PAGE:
ADHD medication errors in children have increased in the past 20 years.

ADHD medication errors in children have increased in the past 20 years.

Investigating Medication Errors in Children with ADHD

Medication errors

In a recent study published in the journal Pediatrics, researchers have discovered a startling increase in medication errors among children who are prescribed drugs to treat attention deficit hyperactivity disorder (ADHD). Over a period of 22 years, medication errors reported to U.S. poison control centers have surged by nearly 300%, shedding light on the need for increased awareness and preventive measures within the healthcare system and among caregivers.

Rise in ADHD Diagnoses and Prescriptions

As the prevalence of ADHD diagnoses has steadily risen, so too has the number of prescriptions for ADHD medications. In 2019, approximately 10% of children in the United States had been diagnosed with ADHD. Out of all children in the country, around 5% had received a prescription for ADHD medication, totaling approximately 3.3 million children. This dramatic increase in prescriptions likely contributes to the significant surge in medication errors observed among children with ADHD.

The researchers conducted an extensive analysis of data from the National Poison Data System spanning from 2000 to 2021. The study revealed a staggering 124,383 therapeutic errors related to ADHD medication reported to U.S. poison centers during this period – an increase of 299%.

Understanding the Medication Errors

The study uncovered some key insights into the specifics of these medication errors. Two-thirds of the exposures involved children aged 6 to 12 years, while three-fourths were among males. Stimulants and related compounds accounted for half of the errors. Surprisingly, most therapeutic errors were linked to exposure to a single substance, affecting nearly 80% of patients.

While the majority of patients did not receive treatment at a healthcare facility, a small percentage (2.3%) required hospitalization due to the severity of their cases, further emphasizing the potential dangers associated with these errors. Alarmingly, 4.2% of patients experienced serious medical outcomes as a result of the medication errors.

The most common scenarios that led to these errors were accidentally taking or administering medication twice, taking or giving someone else’s medication, and taking or giving the wrong medication. Interestingly, a small percentage of errors (2%) were attributed to mistakes made by pharmacists or nurses.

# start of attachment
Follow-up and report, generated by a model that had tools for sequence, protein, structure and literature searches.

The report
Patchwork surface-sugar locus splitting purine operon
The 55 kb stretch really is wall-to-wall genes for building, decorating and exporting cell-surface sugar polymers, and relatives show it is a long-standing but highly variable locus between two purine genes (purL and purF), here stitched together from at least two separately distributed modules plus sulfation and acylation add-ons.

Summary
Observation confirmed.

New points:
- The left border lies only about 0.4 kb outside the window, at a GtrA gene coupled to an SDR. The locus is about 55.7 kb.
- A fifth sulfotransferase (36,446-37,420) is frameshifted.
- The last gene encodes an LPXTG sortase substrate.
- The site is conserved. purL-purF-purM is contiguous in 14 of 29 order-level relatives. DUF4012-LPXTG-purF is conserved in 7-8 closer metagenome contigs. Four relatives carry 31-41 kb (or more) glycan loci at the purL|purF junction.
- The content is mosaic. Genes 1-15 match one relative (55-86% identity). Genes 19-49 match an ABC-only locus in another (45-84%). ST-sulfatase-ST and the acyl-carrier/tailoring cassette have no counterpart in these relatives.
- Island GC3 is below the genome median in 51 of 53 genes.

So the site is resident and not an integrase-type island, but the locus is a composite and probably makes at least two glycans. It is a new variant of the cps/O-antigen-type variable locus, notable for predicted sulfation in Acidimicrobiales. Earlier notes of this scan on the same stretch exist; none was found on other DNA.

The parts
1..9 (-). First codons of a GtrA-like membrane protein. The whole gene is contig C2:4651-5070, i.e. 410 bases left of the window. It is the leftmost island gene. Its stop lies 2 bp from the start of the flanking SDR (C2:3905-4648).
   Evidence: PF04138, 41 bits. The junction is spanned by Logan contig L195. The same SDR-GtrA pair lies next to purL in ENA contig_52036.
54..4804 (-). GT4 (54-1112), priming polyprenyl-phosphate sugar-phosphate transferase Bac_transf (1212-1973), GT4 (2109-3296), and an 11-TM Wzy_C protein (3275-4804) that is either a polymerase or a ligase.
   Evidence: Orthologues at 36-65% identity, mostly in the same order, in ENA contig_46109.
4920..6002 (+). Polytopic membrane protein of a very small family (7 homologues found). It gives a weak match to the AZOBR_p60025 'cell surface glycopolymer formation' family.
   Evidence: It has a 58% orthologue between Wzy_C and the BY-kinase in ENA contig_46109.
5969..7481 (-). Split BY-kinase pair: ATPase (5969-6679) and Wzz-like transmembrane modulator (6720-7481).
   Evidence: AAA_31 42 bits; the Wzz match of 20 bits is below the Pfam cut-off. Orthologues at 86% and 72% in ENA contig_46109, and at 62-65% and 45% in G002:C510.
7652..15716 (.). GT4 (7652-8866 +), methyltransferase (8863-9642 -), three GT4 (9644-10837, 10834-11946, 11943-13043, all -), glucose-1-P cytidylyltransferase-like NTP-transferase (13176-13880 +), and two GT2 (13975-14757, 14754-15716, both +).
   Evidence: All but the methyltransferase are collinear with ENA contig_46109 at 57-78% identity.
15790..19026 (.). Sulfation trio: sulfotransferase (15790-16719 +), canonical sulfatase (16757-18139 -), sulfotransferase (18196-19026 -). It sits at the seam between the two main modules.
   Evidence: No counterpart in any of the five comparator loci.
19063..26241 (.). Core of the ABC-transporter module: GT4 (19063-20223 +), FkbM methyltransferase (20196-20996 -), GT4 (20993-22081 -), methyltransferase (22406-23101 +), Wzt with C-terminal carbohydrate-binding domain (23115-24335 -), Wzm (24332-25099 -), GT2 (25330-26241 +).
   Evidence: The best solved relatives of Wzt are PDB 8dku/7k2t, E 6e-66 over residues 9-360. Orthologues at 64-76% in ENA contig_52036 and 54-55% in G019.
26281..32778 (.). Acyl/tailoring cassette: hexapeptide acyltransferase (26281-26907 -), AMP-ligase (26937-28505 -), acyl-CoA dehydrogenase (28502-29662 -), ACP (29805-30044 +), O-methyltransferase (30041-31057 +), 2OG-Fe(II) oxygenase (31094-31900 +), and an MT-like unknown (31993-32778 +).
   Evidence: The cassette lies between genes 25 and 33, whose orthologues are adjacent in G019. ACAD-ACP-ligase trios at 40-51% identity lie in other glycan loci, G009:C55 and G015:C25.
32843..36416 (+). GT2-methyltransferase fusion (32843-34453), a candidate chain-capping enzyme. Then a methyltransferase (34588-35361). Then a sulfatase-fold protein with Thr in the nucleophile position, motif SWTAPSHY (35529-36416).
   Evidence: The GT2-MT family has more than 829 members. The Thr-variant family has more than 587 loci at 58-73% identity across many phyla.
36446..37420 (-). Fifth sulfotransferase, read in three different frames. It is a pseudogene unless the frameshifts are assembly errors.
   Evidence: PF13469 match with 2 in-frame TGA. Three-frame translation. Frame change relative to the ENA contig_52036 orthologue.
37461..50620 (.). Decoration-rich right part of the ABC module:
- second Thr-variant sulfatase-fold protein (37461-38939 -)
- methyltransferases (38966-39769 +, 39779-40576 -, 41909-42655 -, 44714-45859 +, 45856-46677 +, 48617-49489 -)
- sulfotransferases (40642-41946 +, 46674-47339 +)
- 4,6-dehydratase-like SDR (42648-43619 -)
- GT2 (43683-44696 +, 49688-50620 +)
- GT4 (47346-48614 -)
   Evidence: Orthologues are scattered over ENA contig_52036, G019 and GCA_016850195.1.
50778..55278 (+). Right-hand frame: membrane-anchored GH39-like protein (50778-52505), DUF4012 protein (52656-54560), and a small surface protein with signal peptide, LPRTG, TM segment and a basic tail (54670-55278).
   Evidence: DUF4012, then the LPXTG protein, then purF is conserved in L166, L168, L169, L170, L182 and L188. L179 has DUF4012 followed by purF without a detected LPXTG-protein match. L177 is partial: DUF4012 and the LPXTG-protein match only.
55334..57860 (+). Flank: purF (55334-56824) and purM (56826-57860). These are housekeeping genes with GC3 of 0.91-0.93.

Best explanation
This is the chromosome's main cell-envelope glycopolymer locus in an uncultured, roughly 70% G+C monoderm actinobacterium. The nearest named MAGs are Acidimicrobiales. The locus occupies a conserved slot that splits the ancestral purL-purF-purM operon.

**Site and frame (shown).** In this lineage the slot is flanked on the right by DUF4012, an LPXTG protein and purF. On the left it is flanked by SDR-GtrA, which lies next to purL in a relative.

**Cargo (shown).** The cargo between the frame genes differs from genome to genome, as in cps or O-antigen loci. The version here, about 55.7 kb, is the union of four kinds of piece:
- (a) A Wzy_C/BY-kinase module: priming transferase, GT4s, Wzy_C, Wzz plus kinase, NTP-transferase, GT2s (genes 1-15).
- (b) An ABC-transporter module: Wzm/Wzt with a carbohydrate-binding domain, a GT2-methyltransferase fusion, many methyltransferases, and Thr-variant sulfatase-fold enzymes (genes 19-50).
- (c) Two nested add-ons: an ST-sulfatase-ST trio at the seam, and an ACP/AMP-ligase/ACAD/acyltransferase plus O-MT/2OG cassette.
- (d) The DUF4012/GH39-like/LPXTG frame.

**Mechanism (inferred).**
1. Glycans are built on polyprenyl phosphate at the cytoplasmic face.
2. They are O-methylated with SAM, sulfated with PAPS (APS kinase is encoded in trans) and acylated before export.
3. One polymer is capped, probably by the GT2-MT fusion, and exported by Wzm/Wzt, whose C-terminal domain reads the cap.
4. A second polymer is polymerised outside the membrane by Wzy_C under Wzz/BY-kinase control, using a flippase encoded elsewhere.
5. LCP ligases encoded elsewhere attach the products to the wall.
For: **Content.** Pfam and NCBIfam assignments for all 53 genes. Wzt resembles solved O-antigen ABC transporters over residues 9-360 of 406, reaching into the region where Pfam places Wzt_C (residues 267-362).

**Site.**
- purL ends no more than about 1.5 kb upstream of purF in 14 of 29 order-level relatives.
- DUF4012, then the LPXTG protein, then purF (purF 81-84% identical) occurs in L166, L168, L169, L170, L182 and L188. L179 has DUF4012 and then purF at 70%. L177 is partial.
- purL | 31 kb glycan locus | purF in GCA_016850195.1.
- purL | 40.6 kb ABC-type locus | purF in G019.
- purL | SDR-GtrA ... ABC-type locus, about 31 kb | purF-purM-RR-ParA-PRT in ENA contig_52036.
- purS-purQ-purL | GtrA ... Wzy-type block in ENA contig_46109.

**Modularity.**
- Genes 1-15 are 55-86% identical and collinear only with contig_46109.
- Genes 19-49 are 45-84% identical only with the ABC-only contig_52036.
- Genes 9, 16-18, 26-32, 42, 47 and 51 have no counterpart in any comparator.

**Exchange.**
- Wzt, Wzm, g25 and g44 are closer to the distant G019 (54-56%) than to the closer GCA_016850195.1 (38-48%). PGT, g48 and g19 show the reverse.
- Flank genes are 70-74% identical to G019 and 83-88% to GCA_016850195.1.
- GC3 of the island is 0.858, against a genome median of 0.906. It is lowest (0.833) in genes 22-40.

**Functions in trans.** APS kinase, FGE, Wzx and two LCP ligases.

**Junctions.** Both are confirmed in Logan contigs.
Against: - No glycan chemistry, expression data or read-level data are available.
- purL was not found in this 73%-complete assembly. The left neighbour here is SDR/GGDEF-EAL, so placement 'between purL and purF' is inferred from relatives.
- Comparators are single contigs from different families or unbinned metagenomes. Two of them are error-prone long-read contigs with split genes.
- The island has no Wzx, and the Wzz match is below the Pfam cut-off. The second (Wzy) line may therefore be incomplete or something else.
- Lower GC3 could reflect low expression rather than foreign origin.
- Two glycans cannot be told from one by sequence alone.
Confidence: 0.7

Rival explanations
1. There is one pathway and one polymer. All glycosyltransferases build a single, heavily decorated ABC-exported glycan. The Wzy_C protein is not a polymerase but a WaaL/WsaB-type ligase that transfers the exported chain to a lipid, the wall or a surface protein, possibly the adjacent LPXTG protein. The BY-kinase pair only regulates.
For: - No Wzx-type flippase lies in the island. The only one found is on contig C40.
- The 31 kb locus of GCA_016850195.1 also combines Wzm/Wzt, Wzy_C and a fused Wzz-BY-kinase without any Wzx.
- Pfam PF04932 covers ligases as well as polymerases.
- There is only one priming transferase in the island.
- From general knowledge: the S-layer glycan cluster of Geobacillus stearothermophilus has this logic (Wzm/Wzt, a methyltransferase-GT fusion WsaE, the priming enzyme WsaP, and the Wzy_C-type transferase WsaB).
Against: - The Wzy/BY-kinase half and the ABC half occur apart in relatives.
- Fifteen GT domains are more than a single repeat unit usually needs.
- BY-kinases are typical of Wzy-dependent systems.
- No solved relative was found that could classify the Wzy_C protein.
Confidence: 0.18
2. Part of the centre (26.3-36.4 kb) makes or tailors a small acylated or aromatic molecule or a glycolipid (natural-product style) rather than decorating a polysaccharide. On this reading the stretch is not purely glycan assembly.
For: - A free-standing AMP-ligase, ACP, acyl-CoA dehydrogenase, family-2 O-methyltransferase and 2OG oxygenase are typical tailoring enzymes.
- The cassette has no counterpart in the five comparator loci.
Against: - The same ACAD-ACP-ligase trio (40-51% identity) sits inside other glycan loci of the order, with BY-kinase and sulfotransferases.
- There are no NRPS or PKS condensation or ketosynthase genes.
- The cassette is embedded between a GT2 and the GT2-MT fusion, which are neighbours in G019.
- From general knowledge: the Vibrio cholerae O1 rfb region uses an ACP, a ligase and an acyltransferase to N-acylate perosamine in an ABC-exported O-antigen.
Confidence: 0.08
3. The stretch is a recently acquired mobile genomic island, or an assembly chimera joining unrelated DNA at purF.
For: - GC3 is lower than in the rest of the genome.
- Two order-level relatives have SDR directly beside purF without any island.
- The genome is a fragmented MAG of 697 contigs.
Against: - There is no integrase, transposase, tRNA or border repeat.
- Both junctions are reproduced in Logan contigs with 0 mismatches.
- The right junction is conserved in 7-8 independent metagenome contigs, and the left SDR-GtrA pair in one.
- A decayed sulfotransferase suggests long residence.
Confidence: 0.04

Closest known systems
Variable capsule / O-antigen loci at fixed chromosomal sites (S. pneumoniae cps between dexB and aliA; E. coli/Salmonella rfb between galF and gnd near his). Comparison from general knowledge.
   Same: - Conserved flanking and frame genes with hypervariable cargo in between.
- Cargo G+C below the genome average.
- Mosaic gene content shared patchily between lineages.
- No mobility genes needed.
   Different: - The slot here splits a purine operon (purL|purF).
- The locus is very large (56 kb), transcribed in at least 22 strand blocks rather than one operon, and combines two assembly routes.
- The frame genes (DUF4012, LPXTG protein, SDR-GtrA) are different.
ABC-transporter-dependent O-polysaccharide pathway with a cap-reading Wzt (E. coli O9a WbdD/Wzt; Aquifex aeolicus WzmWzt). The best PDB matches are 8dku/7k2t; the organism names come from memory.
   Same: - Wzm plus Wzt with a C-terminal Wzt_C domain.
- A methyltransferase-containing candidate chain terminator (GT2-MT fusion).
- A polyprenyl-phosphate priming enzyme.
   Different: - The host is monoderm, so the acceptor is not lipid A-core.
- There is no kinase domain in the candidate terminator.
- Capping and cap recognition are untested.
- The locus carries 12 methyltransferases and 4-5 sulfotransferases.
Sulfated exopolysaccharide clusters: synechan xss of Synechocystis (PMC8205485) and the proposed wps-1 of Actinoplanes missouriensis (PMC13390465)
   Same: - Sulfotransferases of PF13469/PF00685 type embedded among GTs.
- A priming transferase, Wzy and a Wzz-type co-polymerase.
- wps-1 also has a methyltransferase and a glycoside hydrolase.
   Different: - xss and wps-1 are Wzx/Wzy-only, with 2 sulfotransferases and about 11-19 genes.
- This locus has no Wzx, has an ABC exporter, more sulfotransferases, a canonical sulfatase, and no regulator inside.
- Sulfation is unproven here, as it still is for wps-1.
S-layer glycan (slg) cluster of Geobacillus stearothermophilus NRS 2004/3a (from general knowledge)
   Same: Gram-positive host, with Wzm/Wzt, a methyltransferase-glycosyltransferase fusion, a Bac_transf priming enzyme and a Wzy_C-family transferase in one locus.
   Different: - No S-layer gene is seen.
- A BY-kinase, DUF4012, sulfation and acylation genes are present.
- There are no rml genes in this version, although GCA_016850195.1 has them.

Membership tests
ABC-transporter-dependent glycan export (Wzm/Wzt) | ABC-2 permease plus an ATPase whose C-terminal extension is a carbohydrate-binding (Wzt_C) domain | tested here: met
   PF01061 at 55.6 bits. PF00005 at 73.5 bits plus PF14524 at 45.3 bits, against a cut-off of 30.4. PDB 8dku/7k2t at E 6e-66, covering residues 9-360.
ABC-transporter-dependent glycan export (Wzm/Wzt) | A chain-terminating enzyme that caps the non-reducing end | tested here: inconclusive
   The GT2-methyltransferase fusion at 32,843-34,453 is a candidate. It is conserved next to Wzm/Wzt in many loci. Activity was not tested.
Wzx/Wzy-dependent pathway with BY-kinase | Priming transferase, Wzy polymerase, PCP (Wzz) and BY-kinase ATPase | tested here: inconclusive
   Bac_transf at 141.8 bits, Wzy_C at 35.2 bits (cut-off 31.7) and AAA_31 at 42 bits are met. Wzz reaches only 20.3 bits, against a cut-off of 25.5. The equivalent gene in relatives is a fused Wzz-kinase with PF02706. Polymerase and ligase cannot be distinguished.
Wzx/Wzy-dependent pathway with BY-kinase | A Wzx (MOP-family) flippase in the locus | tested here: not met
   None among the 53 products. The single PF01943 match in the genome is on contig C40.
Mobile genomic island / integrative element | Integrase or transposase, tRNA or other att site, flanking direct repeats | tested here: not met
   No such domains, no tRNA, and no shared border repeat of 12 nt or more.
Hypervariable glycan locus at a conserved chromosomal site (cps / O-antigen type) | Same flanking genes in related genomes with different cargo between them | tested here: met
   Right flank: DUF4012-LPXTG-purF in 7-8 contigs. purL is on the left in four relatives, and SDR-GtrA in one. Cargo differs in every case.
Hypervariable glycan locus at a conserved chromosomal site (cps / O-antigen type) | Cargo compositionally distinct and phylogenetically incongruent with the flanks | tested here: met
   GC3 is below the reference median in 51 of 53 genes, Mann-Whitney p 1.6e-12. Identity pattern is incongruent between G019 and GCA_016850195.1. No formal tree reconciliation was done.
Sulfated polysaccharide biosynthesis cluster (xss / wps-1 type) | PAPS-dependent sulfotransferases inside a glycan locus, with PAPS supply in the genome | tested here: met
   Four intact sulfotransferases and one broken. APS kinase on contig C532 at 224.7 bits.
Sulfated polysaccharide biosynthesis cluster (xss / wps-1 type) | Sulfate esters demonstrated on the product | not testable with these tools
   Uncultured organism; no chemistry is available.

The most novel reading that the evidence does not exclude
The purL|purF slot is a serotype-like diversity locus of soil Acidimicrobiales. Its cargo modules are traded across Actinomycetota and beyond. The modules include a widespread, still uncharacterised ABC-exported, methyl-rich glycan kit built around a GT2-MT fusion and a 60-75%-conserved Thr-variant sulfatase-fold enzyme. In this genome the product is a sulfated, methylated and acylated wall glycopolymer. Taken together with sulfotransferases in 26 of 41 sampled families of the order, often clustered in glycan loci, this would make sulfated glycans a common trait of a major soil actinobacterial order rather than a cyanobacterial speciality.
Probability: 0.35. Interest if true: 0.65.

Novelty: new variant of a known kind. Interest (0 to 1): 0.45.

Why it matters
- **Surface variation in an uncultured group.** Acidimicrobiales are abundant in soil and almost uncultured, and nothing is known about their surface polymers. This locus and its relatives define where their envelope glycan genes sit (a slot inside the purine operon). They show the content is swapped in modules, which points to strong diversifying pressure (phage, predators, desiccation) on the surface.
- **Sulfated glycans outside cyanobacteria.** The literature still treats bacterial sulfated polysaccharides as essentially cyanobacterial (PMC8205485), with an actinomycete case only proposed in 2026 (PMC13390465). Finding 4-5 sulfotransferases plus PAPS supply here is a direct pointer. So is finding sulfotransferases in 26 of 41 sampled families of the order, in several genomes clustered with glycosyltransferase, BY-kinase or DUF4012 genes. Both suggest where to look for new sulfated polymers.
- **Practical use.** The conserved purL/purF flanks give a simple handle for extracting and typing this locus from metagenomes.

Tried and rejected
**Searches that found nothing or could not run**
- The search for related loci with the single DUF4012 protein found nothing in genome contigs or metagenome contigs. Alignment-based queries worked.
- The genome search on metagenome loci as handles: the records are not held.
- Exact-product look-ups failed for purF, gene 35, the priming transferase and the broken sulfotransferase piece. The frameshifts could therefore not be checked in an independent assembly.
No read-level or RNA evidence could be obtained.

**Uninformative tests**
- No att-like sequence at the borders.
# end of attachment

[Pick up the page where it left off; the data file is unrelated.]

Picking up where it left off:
Understanding the Causes and Preventive Measures

Natalie I. Rine, PharmD, one of the co-authors of the study and director of the Central Ohio Poison Center at Nationwide Children’s Hospital in Columbus, suggests that these errors are often caused by simple mistakes that can be easily avoided. Busy households and distracted caregivers contribute to these errors. To prevent them, Rine urges proper storage of medication, keeping track of what medication was taken and when, and using tools such as pillboxes or medication-tracking apps.

Dr. Colleen Kraft, a pediatrician at Children’s Hospital Los Angeles, reinforces the notion that the increase in ADHD diagnoses and the variety of available medications amplify the likelihood of errors. The growing number of different types of ADHD medications can lead to confusion and mistakes when administering them to children. Kraft also suggests that undiagnosed and untreated ADHD in parents may play a role in these errors, as they may inadvertently administer the wrong medication to their child.

Potential Dangers of Medication Errors

While doubling up on stimulants like Ritalin or Adderall may cause temporary discomforts such as headaches, suppressed appetite, and upset stomachs, the study highlights the potential dangers of doubling up on alpha-1 adrenergic blockers. Drugs like guanfacine and clonidine, which are also used to treat high blood pressure, can cause sedation and a dangerous drop in blood pressure if taken in excess.

Limitations and Reporting Bias

It is important to note that the study does have limitations, particularly regarding bias in self-reporting. Not every case of medication errors involving children with ADHD gets reported to poison control centers, as some caregivers may adopt a wait-and-see approach and only seek help if their child displays symptoms. Therefore, the data presented in the study is subject to the reliability of what callers report.

Moving Forward: Education and Improved Systems

In conclusion, the significant increase in medication errors among children with ADHD calls for immediate attention from both healthcare professionals and caregivers. The study emphasizes the importance of patient and caregiver education, as well as the development of improved child-resistant medication dispensing and tracking systems.

By implementing simple preventive measures such as proper medication storage, accurate documentation of medication intake, and the use of technological aids, we can significantly reduce the number of medication errors in children with ADHD. Ultimately, awareness, education, and the establishment of robust safety systems are indispensable in ensuring the well-being of children undergoing ADHD treatment.

Preventing medication errors